Procaccio F.,Italian National Institute of Health
Minerva anestesiologica | Year: 2015
BACKGROUND: As the potentiality of deceased organ donation mostly depends on the number of brain deaths (BDs), the aim of this study is to quantify rates and probabilities of BD declaration in Italy.METHODS: Deaths with acute cerebral lesion (ACLDs) in the Italian ICUs have been prospectively collected. A total of 27,490 ACDLs occurred in 5 years. Age, gender, etiology, timing of death and ICU Region have been utilized for multivariate analysis.RESULTS: The global ratio of BD declarations to ACLDs was 39.9%. The rates of ACLDs, BD declarations and actual donors were 93.5, 37.3 and 19.7 pmp respectively. Wide variability resulted among Regions, with 148.2 ACLDs, 77.8 BD declarations and 42 donors pmp as benchmark. The probability of being BD declared was significantly higher in stroke compared with head injury (OR 1.6, P<0.001) and in females (OR 1.5, P<0.001), with half the Regions missing around 50% of BD declarations compared with the benchmark, particularly in elderly patients.CONCLUSION: Predictable factors associated with BD declaration can be identified in ACLD management. Positive factors leading to the identification of potential organ donors, i.e., the capacity of declaring BD in all the patients fulfilling BD criteria irrespective of age and etiology, could be captured in the best performing regions and reproduced throughout the Country. The implementation of simple indicators based on prospective ACLD monitoring, i.e. the declared BDs to ACLDs in ICU ratio, may be helpful in achieving efficiency targets and reliable comparisons of outcomes in the identification of BD potential organ donors.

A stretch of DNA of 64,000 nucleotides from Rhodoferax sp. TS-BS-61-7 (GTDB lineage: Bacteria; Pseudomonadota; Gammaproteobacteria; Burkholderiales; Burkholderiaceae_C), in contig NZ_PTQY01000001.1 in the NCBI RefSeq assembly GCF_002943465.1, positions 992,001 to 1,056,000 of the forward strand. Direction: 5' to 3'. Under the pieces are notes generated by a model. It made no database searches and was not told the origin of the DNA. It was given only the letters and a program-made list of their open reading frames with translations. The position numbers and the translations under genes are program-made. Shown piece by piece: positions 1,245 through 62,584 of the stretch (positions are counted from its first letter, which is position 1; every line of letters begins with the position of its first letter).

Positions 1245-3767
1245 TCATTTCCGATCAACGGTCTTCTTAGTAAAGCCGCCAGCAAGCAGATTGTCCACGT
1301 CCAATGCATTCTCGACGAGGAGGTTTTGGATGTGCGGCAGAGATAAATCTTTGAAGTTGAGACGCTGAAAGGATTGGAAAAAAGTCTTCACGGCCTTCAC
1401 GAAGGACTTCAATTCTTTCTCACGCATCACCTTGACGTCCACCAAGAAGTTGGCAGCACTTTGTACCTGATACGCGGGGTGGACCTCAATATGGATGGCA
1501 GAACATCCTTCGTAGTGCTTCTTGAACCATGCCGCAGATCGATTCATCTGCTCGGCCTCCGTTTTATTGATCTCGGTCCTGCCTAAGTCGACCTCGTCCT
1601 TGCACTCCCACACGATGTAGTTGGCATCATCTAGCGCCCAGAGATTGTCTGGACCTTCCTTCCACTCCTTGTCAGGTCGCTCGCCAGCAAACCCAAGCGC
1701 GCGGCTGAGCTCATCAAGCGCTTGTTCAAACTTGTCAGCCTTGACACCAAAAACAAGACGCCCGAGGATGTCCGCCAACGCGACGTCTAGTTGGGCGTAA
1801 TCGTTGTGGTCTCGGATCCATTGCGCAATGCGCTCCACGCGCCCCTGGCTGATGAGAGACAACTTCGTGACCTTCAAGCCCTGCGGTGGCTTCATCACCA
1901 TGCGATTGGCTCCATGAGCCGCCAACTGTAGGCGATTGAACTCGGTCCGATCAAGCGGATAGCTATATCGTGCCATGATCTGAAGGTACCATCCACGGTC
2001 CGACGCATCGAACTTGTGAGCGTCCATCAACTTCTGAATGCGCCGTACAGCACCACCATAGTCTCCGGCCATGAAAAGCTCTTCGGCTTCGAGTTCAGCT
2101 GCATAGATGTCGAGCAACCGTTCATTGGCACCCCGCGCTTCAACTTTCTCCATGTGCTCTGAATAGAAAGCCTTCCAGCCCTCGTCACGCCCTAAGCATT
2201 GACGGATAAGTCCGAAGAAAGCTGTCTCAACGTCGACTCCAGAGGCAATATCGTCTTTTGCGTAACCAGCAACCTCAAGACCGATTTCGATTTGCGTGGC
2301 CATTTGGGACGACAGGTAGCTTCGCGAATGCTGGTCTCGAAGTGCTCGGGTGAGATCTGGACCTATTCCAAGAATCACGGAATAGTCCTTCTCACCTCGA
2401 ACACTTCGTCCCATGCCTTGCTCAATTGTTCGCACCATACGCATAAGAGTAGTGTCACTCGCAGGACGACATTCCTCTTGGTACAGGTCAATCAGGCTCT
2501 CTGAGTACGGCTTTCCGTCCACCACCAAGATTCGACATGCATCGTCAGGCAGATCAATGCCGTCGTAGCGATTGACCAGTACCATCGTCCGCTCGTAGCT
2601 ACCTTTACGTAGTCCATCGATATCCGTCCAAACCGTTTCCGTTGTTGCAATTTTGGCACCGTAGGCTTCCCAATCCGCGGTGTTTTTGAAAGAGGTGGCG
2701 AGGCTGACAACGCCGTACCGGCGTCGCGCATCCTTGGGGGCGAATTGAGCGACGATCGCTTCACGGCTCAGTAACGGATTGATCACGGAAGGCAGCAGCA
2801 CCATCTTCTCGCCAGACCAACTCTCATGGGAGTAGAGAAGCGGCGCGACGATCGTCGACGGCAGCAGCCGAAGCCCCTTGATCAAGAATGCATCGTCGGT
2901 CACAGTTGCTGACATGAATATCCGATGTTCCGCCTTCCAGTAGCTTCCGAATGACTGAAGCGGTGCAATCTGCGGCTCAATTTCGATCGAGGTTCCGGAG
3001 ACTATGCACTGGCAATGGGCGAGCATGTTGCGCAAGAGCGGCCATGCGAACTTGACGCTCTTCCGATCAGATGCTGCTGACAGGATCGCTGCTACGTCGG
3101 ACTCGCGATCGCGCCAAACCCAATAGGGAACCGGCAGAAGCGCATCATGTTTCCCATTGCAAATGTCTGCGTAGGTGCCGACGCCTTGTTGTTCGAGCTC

Pajalunga D.,Italian National Institute of Health
Cell Death and Differentiation | Year: 2017
Terminally differentiated cells are defined by their inability to proliferate. When forced to re-enter the cell cycle, they generally cannot undergo long-term replication. Our previous work with myotubes has shown that these cells fail to proliferate because of their intrinsic inability to complete DNA replication. Moreover, we have reported pronounced modifications of deoxynucleotide metabolism during myogenesis. Here we investigate the causes of incomplete DNA duplication in cell cycle-reactivated myotubes (rMt). We find that rMt possess extremely low levels of thymidine triphosphate (dTTP), resulting in very slow replication fork rates. Exogenous administration of thymidine or forced expression of thymidine kinase increases deoxynucleotide availability, allowing extended and faster DNA replication. Inadequate dTTP levels are caused by selective, differentiation-dependent, cell cycle-resistant suppression of genes encoding critical synthetic enzymes, chief among which is thymidine kinase 1. We conclude that lack of dTTP is at least partially responsible for the inability of myotubes to proliferate and speculate that it constitutes an emergency barrier against unwarranted DNA replication in terminally differentiated cells.Cell Death and Differentiation advance online publication, 10 February 2017; doi:10.1038/cdd.2017.4. © 2017 Macmillan Publishers Limited, part of Springer Nature.
News Article | January 6, 2016
"Never really known as a friendly group, the Italian mafia has been brutally murdering people for hundreds of years. Most of the time, these killings are quick—some henchmen waylay the target, squeeze a trigger a few times and make their getaway. Yet according to a new report released last week by the Italian National Institute of Health, a few local Italian mobs have been slowly killing dozens of innocent people for decades by way of a multibillion dollar toxic waste disposal racket. In 2014, the Italian parliament mandated that the National Institute of Health conduct an investigation into the higher than normal rates of death and cancer in 55 municipalities of the Naples and Caserta regions of southern Italy. This region has garnered the nicknames “the Land of Fires” thanks to the frequency with which toxic waste is burned by the local Camorra mob, a practice which gave rise to the region’s other nickname: the Triangle of Death. The Camorra mob has been running a multi-billion dollar racket in which they dispose of toxic waste for businesses in Italy’s industrial north since at least the early 1990s. By skirting environmental regulations the mob is able to dispose of these hazardous industrial materials for a fraction of the cost of legal disposal, and the industrialists in the north are smart enough to not ask questions about what happens to their garbage once it leaves their hands."
News Article | January 4, 2016